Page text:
Sunday, February 11, 2018

Global television and the politics of the PyeongChang Winter Olympics

Three decades ago, the 1988 Seoul Olympics carried enormous political significance for Korea, as documented in my 1993 book (with Heung Soo Park), Global Television and the Politics of the Seoul Olympics. (full text PDF downloadable here from Google Books.)  Domestically, the 1988 Olympics played a key role in South Korea's political liberalization and democratization. Internationally and in terms of Korean foreign policy, they were the principal vehicle for President Roh Tae Woo's "northern policy."  That policy opened up diplomatic, economic and cultural relations with the Soviet Union, nations of Eastern Europe, China and Vietnam, all of which had been cut off from South Korea during the long Cold War.
It is too early to say whether the PyeongChang Winter Olympics, currently underway, will have such a profound political impact on Korea, but North Korea's decision to participate in the games, and to send a high level diplomatic delegation to them, provides a glimmer of hope.  In 2018 as in 1988, television continues to play a major role in the politics of the Olympics.  Three decades ago, the Korean Olympics were a mass media event.   Today television still attracts massive global audiences for events like the Olympics.  However, people are watching on multiple screens.  The Olympics have become a "bring your own device" showcase for 5G, digital phenomenon, as amply demonstrated in the PyeongChang Opening Ceremony on February 9.

Friday, February 9, 2018

PyeongChang 2018 -- 5G networks and speed matters

The PyeongChang 2018 Winter Olympics about to formally commence with the Opening Ceremony this evening, will give the world a glimpse into what next generation networks will make possible.  This post was prompted in part by the "2018 Adobe Consumer Content Survey," which was taken in the U.S. but doubtless reflects global trends.  (click on the graphic for a full size view)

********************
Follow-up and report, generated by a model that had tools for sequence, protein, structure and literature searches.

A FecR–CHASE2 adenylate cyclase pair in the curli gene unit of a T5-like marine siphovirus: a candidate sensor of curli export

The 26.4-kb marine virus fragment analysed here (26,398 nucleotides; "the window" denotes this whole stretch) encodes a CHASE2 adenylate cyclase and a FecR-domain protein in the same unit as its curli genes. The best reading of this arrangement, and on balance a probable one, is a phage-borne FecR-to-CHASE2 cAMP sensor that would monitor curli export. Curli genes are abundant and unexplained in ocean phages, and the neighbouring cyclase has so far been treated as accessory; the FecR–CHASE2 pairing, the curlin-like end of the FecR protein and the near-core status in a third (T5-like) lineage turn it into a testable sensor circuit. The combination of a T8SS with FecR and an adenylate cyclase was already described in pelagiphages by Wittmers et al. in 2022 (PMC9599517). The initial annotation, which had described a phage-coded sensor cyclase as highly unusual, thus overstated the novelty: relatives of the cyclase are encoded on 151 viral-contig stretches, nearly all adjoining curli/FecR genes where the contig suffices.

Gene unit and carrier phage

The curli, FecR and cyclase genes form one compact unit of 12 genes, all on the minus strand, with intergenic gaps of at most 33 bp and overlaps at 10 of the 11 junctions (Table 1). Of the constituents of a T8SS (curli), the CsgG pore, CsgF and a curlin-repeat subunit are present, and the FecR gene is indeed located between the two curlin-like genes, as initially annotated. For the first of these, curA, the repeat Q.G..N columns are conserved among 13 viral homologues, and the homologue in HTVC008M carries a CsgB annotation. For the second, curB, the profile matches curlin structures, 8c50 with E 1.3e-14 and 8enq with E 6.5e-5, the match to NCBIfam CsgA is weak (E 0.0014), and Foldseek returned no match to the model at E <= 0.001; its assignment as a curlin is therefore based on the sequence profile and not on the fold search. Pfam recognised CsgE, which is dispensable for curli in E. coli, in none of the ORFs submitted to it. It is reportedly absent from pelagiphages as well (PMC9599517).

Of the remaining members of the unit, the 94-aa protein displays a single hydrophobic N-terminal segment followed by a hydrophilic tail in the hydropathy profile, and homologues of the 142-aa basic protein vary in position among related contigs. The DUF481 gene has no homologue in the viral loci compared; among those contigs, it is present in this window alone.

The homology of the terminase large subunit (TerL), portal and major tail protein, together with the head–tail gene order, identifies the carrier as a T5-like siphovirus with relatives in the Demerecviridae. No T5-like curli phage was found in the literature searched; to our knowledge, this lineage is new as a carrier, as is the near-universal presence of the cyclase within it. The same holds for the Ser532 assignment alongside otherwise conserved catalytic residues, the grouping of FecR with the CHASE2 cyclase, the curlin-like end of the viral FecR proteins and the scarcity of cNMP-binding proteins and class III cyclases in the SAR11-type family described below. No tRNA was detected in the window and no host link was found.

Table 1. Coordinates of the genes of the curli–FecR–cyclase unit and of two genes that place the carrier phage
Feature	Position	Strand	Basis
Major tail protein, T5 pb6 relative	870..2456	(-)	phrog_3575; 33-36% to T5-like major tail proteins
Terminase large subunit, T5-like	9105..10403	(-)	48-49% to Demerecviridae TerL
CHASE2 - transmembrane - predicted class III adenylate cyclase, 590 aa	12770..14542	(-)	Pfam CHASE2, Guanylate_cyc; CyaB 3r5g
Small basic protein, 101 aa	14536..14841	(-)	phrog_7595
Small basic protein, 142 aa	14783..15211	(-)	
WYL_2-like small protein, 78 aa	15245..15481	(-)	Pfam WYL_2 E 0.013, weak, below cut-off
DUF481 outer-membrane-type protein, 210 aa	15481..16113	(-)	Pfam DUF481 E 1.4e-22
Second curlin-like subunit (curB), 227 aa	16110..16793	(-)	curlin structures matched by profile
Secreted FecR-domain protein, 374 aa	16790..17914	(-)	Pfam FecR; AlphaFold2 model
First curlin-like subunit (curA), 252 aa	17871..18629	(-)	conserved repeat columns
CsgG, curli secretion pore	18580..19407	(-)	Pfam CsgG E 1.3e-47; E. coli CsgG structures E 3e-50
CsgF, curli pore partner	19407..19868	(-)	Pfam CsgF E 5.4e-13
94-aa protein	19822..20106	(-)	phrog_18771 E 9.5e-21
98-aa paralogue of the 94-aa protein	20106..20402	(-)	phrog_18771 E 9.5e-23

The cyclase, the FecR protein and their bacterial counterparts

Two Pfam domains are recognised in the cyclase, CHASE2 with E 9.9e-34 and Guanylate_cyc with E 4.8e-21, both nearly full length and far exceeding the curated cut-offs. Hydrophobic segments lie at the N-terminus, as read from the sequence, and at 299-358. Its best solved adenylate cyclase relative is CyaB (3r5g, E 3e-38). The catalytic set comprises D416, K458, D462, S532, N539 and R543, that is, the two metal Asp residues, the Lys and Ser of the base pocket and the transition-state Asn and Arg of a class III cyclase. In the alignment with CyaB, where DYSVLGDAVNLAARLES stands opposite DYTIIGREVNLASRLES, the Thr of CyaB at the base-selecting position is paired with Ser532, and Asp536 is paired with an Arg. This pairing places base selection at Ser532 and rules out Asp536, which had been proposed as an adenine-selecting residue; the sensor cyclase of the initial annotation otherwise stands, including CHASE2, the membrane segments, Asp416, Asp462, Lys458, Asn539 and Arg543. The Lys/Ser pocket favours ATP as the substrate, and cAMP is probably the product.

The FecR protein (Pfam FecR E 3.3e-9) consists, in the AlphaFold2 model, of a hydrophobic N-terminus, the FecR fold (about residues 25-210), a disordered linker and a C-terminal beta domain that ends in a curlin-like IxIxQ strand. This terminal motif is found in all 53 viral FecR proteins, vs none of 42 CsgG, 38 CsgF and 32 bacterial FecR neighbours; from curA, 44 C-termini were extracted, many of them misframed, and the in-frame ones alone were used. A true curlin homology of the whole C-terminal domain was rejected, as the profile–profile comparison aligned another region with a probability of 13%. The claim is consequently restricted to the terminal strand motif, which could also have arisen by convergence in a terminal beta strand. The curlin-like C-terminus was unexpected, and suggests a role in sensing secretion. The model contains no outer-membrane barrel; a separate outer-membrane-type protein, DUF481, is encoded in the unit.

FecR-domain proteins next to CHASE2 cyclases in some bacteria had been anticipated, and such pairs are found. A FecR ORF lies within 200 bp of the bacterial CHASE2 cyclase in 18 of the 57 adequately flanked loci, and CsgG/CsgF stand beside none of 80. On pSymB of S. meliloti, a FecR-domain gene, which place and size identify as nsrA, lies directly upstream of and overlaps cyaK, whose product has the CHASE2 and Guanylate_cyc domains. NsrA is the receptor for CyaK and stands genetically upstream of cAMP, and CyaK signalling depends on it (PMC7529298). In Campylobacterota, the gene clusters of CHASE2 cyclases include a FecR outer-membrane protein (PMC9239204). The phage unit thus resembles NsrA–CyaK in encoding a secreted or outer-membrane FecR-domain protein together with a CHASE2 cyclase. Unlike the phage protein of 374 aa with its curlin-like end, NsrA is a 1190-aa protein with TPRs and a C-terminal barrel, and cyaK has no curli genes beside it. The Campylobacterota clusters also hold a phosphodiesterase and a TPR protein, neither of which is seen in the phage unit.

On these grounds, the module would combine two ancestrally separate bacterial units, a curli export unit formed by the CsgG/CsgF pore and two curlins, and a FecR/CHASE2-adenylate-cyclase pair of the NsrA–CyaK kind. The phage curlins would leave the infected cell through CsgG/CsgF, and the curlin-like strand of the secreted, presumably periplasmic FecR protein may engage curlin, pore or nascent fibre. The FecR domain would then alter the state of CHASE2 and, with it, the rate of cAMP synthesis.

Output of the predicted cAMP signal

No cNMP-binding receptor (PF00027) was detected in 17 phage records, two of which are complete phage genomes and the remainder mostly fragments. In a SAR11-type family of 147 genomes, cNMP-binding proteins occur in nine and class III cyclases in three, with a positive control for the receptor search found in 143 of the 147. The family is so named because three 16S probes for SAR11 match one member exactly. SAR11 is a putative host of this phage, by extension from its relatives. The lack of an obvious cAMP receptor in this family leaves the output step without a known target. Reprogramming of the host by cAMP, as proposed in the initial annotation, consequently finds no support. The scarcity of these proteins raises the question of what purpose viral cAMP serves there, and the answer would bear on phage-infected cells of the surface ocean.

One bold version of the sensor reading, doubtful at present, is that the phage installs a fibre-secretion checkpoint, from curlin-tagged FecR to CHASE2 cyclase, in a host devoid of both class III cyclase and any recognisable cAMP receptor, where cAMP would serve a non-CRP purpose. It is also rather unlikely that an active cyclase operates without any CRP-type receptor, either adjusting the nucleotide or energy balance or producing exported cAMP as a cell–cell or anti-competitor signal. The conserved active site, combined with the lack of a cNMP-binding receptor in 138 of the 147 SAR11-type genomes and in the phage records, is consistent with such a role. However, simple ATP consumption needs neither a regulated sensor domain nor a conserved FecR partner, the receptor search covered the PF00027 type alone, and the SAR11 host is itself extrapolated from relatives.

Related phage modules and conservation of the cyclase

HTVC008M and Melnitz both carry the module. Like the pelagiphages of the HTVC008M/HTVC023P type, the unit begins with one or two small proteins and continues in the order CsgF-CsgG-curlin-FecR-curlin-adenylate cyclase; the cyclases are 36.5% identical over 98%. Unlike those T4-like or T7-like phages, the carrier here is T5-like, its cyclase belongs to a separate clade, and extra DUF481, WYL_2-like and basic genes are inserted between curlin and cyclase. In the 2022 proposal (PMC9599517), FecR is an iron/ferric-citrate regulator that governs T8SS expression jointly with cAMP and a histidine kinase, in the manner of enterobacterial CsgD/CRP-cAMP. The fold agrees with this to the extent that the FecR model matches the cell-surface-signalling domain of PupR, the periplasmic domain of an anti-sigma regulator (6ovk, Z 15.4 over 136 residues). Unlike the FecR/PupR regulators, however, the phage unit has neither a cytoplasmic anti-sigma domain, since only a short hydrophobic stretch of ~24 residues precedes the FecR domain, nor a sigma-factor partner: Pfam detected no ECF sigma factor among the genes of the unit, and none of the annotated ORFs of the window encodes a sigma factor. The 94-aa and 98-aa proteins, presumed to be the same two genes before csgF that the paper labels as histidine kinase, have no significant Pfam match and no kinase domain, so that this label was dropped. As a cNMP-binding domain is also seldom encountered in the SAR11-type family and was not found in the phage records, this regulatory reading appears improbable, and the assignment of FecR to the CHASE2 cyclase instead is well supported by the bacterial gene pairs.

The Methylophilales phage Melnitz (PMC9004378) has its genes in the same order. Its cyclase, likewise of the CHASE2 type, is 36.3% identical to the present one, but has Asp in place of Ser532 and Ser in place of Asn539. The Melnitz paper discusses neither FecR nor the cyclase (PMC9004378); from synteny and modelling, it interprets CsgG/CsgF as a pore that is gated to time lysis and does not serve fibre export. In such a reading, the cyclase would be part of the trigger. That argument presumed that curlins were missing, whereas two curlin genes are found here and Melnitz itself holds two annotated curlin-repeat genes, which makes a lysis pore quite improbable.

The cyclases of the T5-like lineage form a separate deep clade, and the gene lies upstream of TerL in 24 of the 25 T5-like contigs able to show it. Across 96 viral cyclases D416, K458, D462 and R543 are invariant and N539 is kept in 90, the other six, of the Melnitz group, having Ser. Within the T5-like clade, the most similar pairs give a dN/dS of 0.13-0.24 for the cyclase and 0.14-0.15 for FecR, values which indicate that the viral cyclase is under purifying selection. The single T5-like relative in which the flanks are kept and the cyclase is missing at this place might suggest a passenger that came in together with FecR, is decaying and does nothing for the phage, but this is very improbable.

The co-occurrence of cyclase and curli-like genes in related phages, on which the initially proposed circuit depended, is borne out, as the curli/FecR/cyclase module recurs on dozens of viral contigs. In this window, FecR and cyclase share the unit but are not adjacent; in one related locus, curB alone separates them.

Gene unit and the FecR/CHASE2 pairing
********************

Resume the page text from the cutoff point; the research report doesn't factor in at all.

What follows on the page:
As regular readers of this blog already know, South Korea possesses the most advanced and fastest digital network infrastructure in the world.  Furthermore, the speed (aka bandwidth) of broadband Internet connections matters a great deal. (see my numerous posts over the years on the importance of speed)  Consequently, it is no accident that the nation has built a super-fast and dense network infrastructure in and around the sports venues and will utilize the 2018 Winter Olympics to showcase to the world the possibilities for next generation (currently 5G) networks.  Ironically, these world-leading network infrastructures have been built in the largely rural and mountainous Gangwon province.
This evening, I'm going to sit back and enjoy the domestic Korea telecasts of the PyeongChang Olympics Opening Ceremony, fully recognizing that this is the latest (Since London) in a series of "bring your own device" Summer and Winter Olympic Games.   The Winter Olympics, as one of the world's largest media events, will retain that status, but with a global audience that is tuning in via multiple screens and according to their individual preferences, as facilitated by mobile apps and social media.

Samsung phones and sanctions in PyeongChang

Samsung Electronics is a leading worldwide sponsor of the Olympic games and, as described in this 2014 post about the Sochi Winter Olympics, they regularly provide members of the Olympic family with complimentary late-model smart devices.  In the case of the 2018 Winter Olympics, just getting underway in PyeongChang, the provision of special Olympic Edition Galaxy Note 8 devices to athletes from North Korea and Iran raised an issue on the grounds that this might violate United Nations sanctions against these countries.   The Washington Post published an article explaining the issue and how it was dealt with by the International Olympic Committee (IOC).